Xterra Las Vegas (and the Ups and Downs of Racing)

My race season is now in full swing, and with the most extensive travel taking place these first few months, I’m already behind on race reports… shocker! At any rate, it feels really great to be fully engrossed in the race scene again, despite the relative chaos and complete lack of free time. ๐Ÿ˜‰ I recently completed an 11-day road trip to Southern Nevada and Utah, where I competed in the first two races of my 2015 pro season: Xterra West Championships in Las Vegas and the Ironman 70.3 US Pro Championship in St. George, UT. I’m already back on the road again, now in the southeast, having just raced Xterra Alabama and preparing for the upcoming Raleigh 70.3 race. But I still want to take a little time to reflect on those first two races, even if I’m already on to the next… (more so for me than for anybody else, as writing about them really helps me process things in my mind and get the most out of my learning experience from each race).

While the Xterra Vegas and St. George 70.3 races took place back-to-back weekends, in close proximity and in very similar environments, my experiences couldnโ€™t have been more different. Looking at them both in retrospect now, itโ€™s a perfect illustration of the ups and downs of racing, because while one of these races went really well, just a week later the next one was terrible! But thatโ€™s the way it goes, in racing and in lifeโ€ฆ I guess you just have to โ€œkeep on keeping on,โ€ be thankful for the ups, and even for the downs… because they make the ups that much sweeter, and they teach us so much about how to get there. Ultimately, I think the lows of racing are actually more important than the highs — they are what really define our character and strength as athletes, and what make us progress the most. Thatโ€™s why, despite getting a pro-career-best result in Las Vegas, I honestly think my very sub-par performance in St. George was a more important day. Because as immensely disappointed as I was with that result and that day, I know how much I will get out of having gotten through it and not given up, and I know how much more disappointed I would have been if I had given up.

But that doesn’t mean I’m not still fired up about how things went down in Las Vegas!

Xterra Las Vegas: Moving On Up!

Going into Xterra Vegas, I had some clear goals, but I wasnโ€™t totally sure what to expect. I didnโ€™t feel I had a great sense of where I was at since my injury had thrown things off so much in my lead-in to the season, and the couple pre-season races I did get to do were very โ€œso-soโ€ with just coming back. But I knew having those under my belt would be a huge boost in getting me ready for this pro season opener, and I felt like I was finally starting to come in to form. Despite all the scrambling and unanticipated challenges, the pieces were coming together! So I decided there was really no reason why I couldnโ€™t have a great race here.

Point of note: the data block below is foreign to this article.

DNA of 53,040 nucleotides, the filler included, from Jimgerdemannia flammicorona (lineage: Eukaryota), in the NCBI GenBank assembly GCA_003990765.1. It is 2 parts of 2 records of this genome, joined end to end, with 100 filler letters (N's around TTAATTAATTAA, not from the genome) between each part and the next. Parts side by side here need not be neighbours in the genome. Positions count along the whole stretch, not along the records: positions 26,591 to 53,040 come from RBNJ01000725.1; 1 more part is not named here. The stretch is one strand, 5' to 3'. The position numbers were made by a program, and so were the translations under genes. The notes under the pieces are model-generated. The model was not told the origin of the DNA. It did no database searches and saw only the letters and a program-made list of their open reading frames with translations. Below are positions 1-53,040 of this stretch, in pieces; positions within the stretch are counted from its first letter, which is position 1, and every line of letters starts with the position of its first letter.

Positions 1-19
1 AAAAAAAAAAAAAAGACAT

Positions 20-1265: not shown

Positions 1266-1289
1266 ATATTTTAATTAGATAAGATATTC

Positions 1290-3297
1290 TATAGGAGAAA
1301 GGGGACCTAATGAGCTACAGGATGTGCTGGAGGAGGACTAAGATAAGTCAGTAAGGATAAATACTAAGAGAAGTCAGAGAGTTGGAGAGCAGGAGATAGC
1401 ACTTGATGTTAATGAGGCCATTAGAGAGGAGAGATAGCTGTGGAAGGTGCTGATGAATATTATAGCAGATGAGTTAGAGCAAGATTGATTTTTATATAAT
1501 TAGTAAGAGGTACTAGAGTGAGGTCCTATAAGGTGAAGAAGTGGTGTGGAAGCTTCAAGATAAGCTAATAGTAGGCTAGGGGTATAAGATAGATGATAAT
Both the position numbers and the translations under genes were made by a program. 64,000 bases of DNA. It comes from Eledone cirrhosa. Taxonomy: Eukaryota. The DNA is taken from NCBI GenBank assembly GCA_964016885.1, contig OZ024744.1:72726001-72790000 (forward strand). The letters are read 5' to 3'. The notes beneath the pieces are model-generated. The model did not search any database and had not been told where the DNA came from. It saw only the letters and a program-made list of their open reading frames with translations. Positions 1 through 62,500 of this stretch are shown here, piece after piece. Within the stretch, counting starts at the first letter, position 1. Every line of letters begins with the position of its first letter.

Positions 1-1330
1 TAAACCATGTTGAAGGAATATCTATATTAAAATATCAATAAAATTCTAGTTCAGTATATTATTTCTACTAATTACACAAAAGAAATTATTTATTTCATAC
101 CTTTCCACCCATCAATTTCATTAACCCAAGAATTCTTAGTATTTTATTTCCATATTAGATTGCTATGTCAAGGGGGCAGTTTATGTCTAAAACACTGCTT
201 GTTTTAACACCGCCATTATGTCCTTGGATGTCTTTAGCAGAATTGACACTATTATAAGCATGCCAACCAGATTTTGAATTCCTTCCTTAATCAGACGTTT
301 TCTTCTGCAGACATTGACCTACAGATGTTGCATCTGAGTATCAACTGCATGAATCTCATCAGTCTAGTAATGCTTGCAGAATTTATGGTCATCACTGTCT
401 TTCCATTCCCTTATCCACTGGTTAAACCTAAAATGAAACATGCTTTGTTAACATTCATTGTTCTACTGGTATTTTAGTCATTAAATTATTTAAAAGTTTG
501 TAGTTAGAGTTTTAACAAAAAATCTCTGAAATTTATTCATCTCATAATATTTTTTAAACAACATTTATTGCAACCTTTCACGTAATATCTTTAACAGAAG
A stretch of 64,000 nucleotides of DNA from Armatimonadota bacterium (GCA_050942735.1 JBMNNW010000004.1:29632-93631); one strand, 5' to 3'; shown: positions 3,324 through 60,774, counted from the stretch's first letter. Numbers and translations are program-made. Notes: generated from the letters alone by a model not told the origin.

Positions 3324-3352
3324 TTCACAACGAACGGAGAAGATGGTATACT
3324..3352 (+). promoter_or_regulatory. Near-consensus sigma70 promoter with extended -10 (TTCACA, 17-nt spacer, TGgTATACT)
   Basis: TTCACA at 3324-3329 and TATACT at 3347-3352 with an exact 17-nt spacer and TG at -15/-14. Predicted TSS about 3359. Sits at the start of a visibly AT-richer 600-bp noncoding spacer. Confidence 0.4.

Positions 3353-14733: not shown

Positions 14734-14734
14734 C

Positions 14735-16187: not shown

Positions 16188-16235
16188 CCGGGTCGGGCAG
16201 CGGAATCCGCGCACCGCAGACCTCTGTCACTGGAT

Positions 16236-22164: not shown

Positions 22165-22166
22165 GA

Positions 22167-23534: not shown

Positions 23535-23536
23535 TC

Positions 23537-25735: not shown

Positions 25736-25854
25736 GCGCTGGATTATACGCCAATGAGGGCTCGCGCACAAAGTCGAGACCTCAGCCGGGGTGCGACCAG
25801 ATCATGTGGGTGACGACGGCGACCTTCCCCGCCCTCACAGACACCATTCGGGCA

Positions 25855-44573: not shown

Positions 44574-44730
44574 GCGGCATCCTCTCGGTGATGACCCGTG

Iโ€™m really glad I made that decision and didnโ€™t let myself be held back by any doubts or concerns about where my body was at or the challenges Iโ€™d faced this winter, because it ended up being a great day! Coming in, I had set my sights on a top-5 finish. I try to set pre-race goals that are not just result oriented, but rather things that are in my personal control, regardless of others. But make no mistake, I was still shooting for that podium! Iโ€™ve never made it into the top-5 at an Xterra pro race before (last year my best finish was 7th, which I achieved twice), but I was confident it was attainable for me here, despite my pre-season challenges. I knew I’d have to have a great day and fight crazy hard, but I definitely felt it was within reach, and this was as good an opportunity as any! I felt surprisingly good leading into the race, and all my pre-race preparations had goneย  well. The course was in great shape, and the weather was exceptionally cool for Las Vegas. I was thrilled about the overcast skies and mild temps on race morning (given my total lack of heat exposure so far this year), and was generally feeling super positive about how things were shaping up for the race ahead.

Heading out on a lonely 2nd lap! Photo by August Teague.
Heading out on a lonely 2nd lap! Photo by August Teague.

As soon as we hit the water and the gun went off, I was feeling strong. I’d had an absolutely horrendous swim at the local Xterra I did back in March, and had some issues with my thumb getting bashed around in the mass start, but I’ve been putting in some very focused swim work, so I was confident things could go a lot better here. I had a great start and found myself swimming alongside some of the top female pros, and hanging in pretty comfortably. I was both surprised and stoked to see who I was in the company of, but tried to stay calm, remind myself this was where I should be, and just focus on doing everything I could to stay there. I hung on through the first buoy, but as we rounded the turn back to the beach to start lap two, the swimmers around me got super aggressive and I started to get bumped around and way off line. I sort of just let this happen, allowing them to essentially bump me out of the way, and I ultimately got dropped. For a bit I could still see the bubbles ahead of me and I tried to just hang on to them as long as I could, but eventually they got more and more faint and then I was alone. I was disappointed I had let myself get bumped off, because I really had felt pretty comfortable with the pace. I vowed to not let that happen again, and to try to stay on longer next time, and I swam on.

I got out of the water in about 8th place, and by the time I reached T1 another competitor was right on my heels. She ended up crushing the transition to exit ahead of me, but once I got on the bike I set my sights on her and caught back up. Sometimes I get stressed being in tight head-to-head battles with others, but I reminded myself to work with her on the bike, to use that to my advantage and hopefully bring us both closer to some of the next competitors up ahead. Unfortunately that didn’t work out as smoothly I hoped, as we had pretty opposite strengths and seemed to have a hard time making them come together. I moved by her fairly quickly, but then she charged up the first long, steep uphill to move back in front of me just before the top. Consequently, I got stuck behind on the downhill and had to hold back a lot of speed. This is always a bummer, as it’s easy time lost. Onto the next gruelingly steep uphill, she was super strong again and I got gapped, but I made it right back on the descent, and then was once again trapped behind.